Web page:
If you or your loved one is living with Alzheimer’s, you may have heard about the use of memory books, as well as home care nursing. These personal compilations of photos and descriptions are great for reminiscing, re-focusing, and strengthening communication skills in Alzheimer’s patients. The following is a step by step guide for creating a memory book for your loved one.
1. Search for Photos
A book of reminiscing would be nothing without the photos inside! Thus, the first step to creating your loved one’s memory book is compiling your photos. Look through old photo boxes, search through facebook, or reach out to family members to send any photos that you would like to implement!
2. Keep it Simple, Avoid Confusing Images
When making a photo book for your loved one, you might be tempted to include some funny images. Although you might think that your cousin’s fake mustache is hilarious, it might be confusing to your aging loved one. Thus, it’s best to look for large photos where you can clearly see the faces of everyone involved.
3. Gather the Supplies
To create your book for reminiscing, you’ll need to gather the necessary materials. This includes an adhesive, the printed photos, and a book for the photos. This can be grabbed by you, or with the help of a family member or a home health aide in Boynton Beach.
4. Include the Right Information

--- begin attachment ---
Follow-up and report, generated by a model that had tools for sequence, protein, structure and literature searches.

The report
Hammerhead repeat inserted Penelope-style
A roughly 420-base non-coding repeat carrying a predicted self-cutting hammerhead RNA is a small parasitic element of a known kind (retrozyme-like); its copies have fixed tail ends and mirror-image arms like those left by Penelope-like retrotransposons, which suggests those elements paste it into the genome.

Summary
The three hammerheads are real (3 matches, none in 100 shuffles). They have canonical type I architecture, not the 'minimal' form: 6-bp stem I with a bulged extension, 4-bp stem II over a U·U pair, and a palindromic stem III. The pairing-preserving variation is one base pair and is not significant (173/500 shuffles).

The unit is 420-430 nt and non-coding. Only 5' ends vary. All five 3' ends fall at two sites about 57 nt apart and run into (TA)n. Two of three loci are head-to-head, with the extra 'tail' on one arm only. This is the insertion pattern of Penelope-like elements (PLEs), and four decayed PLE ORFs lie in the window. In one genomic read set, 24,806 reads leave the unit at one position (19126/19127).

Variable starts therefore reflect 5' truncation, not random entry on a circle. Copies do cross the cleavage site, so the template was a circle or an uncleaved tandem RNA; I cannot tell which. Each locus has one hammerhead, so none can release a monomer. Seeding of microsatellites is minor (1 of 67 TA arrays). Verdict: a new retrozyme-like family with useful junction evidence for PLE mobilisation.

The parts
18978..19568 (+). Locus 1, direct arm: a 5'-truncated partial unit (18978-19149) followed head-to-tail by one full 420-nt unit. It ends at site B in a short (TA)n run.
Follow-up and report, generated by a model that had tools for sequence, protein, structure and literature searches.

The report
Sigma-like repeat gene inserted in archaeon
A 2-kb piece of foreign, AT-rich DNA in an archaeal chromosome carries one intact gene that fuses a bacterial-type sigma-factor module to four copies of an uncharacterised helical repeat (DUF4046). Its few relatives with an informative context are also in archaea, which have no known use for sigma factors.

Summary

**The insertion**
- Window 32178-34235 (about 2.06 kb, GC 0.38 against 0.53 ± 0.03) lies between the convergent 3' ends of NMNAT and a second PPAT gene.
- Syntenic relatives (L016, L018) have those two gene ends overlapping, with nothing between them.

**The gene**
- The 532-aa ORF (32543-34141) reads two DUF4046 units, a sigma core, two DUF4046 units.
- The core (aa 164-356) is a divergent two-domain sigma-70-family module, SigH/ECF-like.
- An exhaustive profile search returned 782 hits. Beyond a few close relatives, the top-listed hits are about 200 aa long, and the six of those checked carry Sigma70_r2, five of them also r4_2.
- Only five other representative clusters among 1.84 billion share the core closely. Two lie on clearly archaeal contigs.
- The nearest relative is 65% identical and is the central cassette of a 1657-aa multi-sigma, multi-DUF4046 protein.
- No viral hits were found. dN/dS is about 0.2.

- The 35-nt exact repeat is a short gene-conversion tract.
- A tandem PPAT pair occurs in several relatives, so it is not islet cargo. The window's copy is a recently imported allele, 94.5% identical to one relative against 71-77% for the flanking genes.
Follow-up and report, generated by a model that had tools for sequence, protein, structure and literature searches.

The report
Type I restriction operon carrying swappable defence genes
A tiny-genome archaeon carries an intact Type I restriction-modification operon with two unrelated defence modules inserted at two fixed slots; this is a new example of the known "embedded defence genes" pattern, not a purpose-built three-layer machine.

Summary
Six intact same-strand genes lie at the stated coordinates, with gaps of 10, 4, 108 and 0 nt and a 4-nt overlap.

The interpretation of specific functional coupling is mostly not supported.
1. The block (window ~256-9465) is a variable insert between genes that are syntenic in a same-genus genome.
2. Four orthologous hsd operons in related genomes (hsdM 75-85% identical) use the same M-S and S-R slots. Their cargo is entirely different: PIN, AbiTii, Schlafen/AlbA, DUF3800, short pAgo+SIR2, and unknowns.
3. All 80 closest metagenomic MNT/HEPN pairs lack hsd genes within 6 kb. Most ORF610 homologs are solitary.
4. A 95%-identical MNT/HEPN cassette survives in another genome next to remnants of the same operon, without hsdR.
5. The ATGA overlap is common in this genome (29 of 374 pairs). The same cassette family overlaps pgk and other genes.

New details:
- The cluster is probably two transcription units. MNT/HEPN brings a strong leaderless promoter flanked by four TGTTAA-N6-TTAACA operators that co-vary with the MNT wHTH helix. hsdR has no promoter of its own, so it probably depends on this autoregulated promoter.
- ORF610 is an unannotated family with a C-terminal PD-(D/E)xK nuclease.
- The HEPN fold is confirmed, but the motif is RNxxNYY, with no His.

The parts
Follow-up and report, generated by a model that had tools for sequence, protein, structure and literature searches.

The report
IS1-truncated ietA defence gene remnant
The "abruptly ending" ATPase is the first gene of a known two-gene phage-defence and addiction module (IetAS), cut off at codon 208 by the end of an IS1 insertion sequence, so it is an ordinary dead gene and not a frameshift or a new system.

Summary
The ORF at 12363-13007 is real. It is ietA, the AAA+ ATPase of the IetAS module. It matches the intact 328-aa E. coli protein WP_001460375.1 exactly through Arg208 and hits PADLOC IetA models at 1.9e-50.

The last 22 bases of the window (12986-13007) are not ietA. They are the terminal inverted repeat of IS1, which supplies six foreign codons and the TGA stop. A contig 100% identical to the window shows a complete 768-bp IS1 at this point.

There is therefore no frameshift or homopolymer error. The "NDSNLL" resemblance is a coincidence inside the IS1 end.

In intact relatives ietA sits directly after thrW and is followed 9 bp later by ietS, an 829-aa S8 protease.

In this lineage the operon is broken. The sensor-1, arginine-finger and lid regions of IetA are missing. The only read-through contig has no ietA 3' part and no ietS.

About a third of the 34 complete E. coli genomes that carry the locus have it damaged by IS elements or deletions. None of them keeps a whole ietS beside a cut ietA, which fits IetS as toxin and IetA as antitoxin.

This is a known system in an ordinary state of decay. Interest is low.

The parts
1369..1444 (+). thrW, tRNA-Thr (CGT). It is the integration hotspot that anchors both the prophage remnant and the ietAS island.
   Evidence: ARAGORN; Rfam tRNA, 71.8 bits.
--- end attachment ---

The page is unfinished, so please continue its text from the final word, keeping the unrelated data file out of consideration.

Each image should be paired with the relevant information. This should include names, birthdates, and relationships. If the image contains your loved one, make certain to place their name in there as well. For example, writing “my sister” is not that clear for someone with Alzheimer’s, as it does not include their name or their sibling’s name. Thus, the correct phrasing would be “Elizabeth with her sister Amanda.”
Some other things you can include are likes, pertinent life events, places that they have lived, beloved pets, etc.
5. Keep Your Facts Short and Sweet
This is somewhat difficult, as it’s so tempting to write at length about a classic family story. Yet, you must remember that this book is for the recollection of your loved one. Placing a long, ambling, family story could be received well, but it could also cause more confusion than recollection
Thus, it’s best to keep all information on the short side. Have everything written simply and clearly, for example: “Elizabeth with sister Amanda. Amanda born February 14th, 1920, died February 15th, 2020.”